Oh, God. Where do you even start?
Well, okay, look. It should come as no great shock that I had a phenomenal time at this conference – I love this life. And I know what everyone really wants is the dirt, of which there is - prairiesful. (I know, I know, what happens at Bouchercon stays at Bouchercon - you really think I'm going to TALK about any of all that?) But because I am at the moment just too tired to get into the whole extravagant circus of it, I'm going to start with Madison.
What a surprise this town was. It’s gorgeous, and funky, and cool. I mean, even just the descent on the plane – I just couldn’t believe how beautiful it all was – green farmland bordered by trees just starting to change, two enormous turbulent lakes, a really pleasing town layout – and the sky was so dramatic – monolithic banks of clouds and swirling wind.
I flew in on Wednesday, midmorning, and it was a little surreal how empty the airport was – WAY smaller than anything I’m used to. I was completely alone walking out to the taxi stand. We rode through town on a very quaint, very college street – two-story Victorians and bungalows with big porches and beveled glass – it just got more and more charming. My friend Jess who toured for years with the Reduced Shakespeare Co. and has been in every city on this planet told me before I left – “You’ll love it. It’s just like Berkeley.” And he’s right… only it was far less… well, psychotic, I think I mean.
I was delighted to find that the convention hotel, the Madison Concourse, is right in the heart of downtown, just a block away from the Capitol building – a massive domed wedding cake of a building at the absolute center of downtown, with four main streets converging on the Capitol square – green velvet lawns and riots of flowers.
My room wasn’t ready and no one was even around yet and it looked like it was about to pour outside, I mean POUR, and of course I had not brought an umbrella. So I went up to the weight room for a quick workout – this tour thing is turning me into sludge. The pool room was deserted and peaceful, huge windows overlooking the street and skylights. After a nice needed sweat I got into my room with the help of ridiculously cute bellhops (where do they FIND these guys?). Room small but again, nice view. I showered and headed down to the lobby and stepped out of the elevator to run into Dana Cameron and Donna Andrews. No sooner had I hugged them than Reed Farrel Coleman waltzed around the corner (actually Reed doesn’t waltz, he sort of processes like royalty, but you know).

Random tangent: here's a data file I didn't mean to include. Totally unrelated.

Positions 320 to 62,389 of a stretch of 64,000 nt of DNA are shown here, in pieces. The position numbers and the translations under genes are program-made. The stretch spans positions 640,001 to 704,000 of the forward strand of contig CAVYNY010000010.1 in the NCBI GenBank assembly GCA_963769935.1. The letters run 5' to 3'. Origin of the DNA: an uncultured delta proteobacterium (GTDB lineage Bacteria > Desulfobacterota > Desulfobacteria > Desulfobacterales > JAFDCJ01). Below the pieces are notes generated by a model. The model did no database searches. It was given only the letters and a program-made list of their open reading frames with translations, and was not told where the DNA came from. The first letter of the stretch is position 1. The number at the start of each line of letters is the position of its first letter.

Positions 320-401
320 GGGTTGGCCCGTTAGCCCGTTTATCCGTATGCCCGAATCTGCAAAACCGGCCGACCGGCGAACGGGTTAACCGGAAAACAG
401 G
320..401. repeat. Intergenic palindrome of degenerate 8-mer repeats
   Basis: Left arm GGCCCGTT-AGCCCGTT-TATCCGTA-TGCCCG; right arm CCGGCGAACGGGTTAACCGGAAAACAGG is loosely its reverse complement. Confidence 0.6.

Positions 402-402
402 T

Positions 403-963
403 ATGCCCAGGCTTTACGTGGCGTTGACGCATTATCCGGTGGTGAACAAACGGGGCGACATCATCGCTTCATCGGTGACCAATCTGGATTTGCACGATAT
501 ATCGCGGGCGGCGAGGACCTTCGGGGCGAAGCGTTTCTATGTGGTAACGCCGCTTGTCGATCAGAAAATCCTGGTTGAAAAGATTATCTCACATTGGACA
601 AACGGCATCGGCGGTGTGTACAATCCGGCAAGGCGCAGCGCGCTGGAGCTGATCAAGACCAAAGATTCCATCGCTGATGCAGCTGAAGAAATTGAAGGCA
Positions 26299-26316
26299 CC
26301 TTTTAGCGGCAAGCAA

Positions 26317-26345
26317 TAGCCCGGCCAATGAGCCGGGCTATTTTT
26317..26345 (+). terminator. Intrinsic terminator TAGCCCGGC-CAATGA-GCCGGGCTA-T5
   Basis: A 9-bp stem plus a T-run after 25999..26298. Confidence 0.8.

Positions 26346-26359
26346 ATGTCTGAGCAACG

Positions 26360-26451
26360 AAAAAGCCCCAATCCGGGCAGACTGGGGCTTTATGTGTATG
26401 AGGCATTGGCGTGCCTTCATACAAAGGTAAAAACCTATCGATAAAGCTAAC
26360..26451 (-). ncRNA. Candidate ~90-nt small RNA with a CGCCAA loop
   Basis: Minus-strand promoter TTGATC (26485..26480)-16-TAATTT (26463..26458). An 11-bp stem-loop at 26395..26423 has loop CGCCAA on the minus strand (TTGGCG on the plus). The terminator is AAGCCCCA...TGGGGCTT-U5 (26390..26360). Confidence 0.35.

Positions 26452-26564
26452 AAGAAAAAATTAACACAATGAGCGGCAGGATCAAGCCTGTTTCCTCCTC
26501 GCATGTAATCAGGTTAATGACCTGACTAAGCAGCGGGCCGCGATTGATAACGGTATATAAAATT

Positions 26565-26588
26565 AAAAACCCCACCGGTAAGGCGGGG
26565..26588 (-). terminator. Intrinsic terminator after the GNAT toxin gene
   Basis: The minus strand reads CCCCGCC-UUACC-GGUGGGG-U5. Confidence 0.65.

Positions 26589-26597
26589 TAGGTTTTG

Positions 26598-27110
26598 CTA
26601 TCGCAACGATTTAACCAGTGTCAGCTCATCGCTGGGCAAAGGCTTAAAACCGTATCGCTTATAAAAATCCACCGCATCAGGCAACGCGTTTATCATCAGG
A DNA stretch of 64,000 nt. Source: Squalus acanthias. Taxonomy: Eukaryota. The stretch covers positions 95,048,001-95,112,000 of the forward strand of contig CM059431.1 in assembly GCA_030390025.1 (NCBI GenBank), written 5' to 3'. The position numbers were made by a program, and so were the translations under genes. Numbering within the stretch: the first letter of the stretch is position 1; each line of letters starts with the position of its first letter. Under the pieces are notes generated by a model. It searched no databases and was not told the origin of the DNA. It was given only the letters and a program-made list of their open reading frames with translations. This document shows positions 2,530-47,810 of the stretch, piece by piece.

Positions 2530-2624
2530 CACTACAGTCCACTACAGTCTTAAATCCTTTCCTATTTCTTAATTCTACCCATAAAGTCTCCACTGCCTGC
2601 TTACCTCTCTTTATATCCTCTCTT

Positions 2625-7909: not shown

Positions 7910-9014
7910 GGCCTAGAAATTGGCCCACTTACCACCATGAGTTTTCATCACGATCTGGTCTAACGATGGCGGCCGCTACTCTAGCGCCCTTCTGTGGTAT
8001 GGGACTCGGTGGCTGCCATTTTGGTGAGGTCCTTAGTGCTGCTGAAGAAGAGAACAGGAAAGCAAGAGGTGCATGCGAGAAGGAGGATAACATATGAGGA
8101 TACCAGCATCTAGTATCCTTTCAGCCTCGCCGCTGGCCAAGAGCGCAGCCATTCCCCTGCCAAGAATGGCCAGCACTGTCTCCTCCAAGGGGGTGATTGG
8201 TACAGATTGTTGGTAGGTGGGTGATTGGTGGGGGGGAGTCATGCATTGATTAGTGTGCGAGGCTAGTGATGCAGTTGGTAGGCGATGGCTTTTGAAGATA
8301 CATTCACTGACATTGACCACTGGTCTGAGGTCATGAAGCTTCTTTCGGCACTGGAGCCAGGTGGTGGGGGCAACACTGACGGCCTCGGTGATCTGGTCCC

It is a rule of all conventions that the first two people I will meet will be Donna and Dana. There is a corollary rule tha at any convention at which Dana and Donna are NOT in attendance, the first person I will meet will be Reed. Conventions are strange, that way – there seems to be an inexplicable but quite precise cosmic master plan.
To meet the three of them together like that was some kind of portent of excess, conventions converging. That turned out to be accurate, but I'll get to that later. We got the registration thing out of the way, got handed bags full of three hundred pounds of books, and then headed for the bar, cleverly titled The Bar, for a quick drink, because, you know, we’re writers and that’s what we do.
Now, things have gotten pretty crazy, organizationally speaking, since I’ve been on tour, but I did manage to scribble a BOUCHERCON MUST DO list during some plane flight or other, and the first item on the list for Wednesday evening was “Find Lita Weissman”. I’d just met Lita – Westwood Borders Special Events Goddess and force of nature - last week during my LA bookstore blitz, and instantly adored her – we’d promised to find each other at B’Con. But the thing about conventions is that you don’t need to FIND anyone. You merely remain comfortably wherever you are with a vague intention and that person will come to you. And so it was. Lita and I made plans to meet for the next night’s parties, then she went up for a nap and since The Bar was as empty as it would be for the rest of the weekend, and the heavens had not after all opened to a deluge, I decided to take a quick jaunt around downtown Madison, because I had a feeling there was all sorts of material just waiting for me out there and it might be my only chance to scope it out.
I left the hotel without a map, figuring it would be just about impossible to get lost with that Capitol building looming up as a gigantic compass, and when I saw a life-sized mosaic cow statue at the end of the block I knew I’d be able to find the hotel again by looking for the art cow. Anyone who’s actually been to Madison will recognize how amusing this is. Downtown Madison is lousy with life-sized art cows. There are herds of them. I was just laughing out loud about it, which effectively kept the stray homeless men away from me, at least for the moment. It really is a beautiful town – turn of the century brick banks and angular modern glass edifices, funky little boutiques and hip restaurants and, oh yes, all those college boys. I can’t get away from this – apparently TRAVELLER’S TALE is just going to manifest itself around me. Well, and why fight it? I walked all the way down to one of those M lakes and just stared at the water for a while – amazingly choppy, for a lake, you could practically surf on it – and made some notes. I could definitely set at least one of the chapters of Traveller in Madison.